Singer’s Glossary

accompanist (pronounced UH-CUMP-A-NIST)– usually a single instrumentalist who plays for a singer (often a piano player)

alto an adult woman whose vocal timber is heavier and full/rich. The second highest in 4-part choral arrangements for men and women.

balanced breathing – the breathing technique used for singing that combines expanding the muscles of the rib cage to allow for expansion of the lungs and the release of the abdomen to allow the largest range of motion for the diaphragm

bass – a male singer whose voice is dark, heavy and full. The lowest part in 4-part choral arrangements for men and women.

belting – A vocal technique that combines elements of the middle two vocal registers to produce a bright, forward and fairly loud vocal quality. Often used in musical theater.

diction – the way that words are pronounced and enunciated while singing (or speaking). May be more formal or informal depending on the musical genre, but resonance and good tone start with good diction.

dynamics – the range or changes in the range of volume in a song

instrumentalist – a musician who plays an instrument

intonation – the accurate pitching of intervals in music

oversinging – using a vocal tone that sounds pressed, pinched, stained or constricted; or using too many ornaments or affectations

practice – repeated performance or systematic exercise for the purpose of acquiring skill or proficiency

range or vocal range – all of the notes a singer can sing. The range is made up of registers.

register (or vocal register) – a group of neighnboring notes that share the same vocal color and timbre and are produced in the same way (referring to the muscles in the larynx). Most singers are more familiar with register breaks.

register break – the places in the voice where laryngeal coordinations change.

SATB – abbreviation for soprano, alto, tenor and bass. Seen in choral music.

sightsing (or sight-sing) – to sing (or play) with correct pitches and accurate rhythms an unfamiliar piece of music with no previous practice; also called sight-reading, esp. for instrumentalists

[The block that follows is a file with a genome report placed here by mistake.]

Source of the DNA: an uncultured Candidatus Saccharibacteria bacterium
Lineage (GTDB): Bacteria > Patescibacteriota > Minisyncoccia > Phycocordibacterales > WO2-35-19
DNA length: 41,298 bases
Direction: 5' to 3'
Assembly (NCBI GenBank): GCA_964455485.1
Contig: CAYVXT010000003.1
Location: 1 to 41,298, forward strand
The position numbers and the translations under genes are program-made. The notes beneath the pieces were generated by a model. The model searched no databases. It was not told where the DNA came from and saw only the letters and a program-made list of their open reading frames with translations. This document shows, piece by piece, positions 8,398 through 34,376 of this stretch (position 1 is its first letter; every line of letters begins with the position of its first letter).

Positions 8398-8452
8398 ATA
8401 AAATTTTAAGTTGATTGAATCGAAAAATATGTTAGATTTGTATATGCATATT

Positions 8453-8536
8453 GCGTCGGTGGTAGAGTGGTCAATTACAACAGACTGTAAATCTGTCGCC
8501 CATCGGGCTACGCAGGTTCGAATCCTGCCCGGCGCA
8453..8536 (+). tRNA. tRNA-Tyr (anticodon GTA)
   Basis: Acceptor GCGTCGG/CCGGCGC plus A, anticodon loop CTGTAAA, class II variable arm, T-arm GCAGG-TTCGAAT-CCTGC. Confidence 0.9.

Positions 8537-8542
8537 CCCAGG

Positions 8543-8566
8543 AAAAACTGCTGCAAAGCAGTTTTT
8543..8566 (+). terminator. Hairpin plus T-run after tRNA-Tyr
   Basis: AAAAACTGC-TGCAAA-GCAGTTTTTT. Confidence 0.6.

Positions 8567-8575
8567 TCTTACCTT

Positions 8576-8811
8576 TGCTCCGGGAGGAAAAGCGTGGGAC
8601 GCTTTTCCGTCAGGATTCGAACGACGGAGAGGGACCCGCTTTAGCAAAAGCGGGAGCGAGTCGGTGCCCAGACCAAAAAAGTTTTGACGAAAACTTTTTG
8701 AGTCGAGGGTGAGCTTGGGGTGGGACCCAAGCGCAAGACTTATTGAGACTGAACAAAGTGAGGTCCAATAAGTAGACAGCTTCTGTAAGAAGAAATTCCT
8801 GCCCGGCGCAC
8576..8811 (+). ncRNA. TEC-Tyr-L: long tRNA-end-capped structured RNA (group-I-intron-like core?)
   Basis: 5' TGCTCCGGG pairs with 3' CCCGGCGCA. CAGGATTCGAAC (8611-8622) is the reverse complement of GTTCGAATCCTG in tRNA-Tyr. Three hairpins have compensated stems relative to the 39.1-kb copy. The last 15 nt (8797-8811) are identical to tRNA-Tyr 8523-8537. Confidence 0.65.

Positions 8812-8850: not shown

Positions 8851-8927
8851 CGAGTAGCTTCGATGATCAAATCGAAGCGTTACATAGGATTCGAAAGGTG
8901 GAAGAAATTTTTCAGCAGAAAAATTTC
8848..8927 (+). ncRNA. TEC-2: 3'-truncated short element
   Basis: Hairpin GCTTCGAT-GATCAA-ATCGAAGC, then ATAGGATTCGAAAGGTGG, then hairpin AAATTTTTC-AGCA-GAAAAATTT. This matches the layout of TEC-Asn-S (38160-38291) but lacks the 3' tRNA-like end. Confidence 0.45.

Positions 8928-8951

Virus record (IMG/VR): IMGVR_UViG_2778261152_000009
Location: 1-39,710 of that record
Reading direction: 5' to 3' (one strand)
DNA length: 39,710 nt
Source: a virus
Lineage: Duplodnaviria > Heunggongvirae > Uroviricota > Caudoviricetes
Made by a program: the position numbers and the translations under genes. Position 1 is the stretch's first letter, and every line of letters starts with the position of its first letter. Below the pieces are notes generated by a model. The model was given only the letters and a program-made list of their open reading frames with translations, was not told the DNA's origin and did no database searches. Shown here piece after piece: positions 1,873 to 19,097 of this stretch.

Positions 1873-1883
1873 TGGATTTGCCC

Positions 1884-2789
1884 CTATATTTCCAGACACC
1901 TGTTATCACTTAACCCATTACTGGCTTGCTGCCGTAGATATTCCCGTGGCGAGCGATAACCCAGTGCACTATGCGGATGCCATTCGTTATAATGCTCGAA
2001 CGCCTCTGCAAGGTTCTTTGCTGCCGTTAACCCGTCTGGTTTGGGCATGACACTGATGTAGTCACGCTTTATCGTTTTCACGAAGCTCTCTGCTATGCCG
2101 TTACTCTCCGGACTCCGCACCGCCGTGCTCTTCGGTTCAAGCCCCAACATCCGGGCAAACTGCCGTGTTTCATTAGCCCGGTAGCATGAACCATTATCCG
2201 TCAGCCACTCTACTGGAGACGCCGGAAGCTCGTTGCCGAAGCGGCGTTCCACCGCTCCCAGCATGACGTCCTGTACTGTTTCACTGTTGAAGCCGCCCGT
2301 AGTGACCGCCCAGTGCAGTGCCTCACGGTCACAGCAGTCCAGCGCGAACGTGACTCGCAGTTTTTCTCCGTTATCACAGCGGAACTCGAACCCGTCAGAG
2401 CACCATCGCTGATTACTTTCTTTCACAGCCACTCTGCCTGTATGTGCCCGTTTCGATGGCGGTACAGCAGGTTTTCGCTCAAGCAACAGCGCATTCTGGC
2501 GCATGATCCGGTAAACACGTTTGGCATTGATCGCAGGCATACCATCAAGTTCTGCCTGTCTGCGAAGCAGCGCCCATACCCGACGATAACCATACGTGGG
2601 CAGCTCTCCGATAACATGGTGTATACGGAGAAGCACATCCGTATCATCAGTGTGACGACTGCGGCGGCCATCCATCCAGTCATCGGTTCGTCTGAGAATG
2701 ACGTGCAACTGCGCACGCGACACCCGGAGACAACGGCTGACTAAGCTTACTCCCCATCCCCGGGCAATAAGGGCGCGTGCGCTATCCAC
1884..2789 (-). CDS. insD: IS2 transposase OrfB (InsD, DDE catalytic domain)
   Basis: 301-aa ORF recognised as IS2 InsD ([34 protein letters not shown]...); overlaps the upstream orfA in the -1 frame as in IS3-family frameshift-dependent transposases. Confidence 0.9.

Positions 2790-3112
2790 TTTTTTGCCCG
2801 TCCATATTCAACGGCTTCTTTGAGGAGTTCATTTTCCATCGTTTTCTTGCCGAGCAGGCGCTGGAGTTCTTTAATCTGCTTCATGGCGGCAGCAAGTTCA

soprano – an adult woman (or boy) singer whose vocal timber is light(er) and flexible. The highest singing voice in women (or boys). The highest part in 4-part choral arrangements for men and women.

SSA – abbreviation for a choral piece for soprano, soprano and alto.

support (aka breath support) – Efficient and well controlled use of the airflow generated by the release of the diaphragm.

tenor – a male adult singer whose vocal timber is light(er) and flexible. The second lowest part in 4-part choral arrangements for men and women.

timbre – the tone quality that makes the sound of one instrument (or singer) different from another when pitch and volume are the same. (Why a trumpet and violin dont’ sound the same. *smile*)

transcribe – writing out the notes and rhythms of a melody (or song) by listening to a recording of the piece.

vocal register – a continuous range of notes in the voice that have similar timbre and are produced using the same muscular coordination.

vocalise – a singing exercise that uses individual syllables or vowel sounds to develop flexibility and control of pitch and tone.

vocalist – a musician whose instrument is the voice

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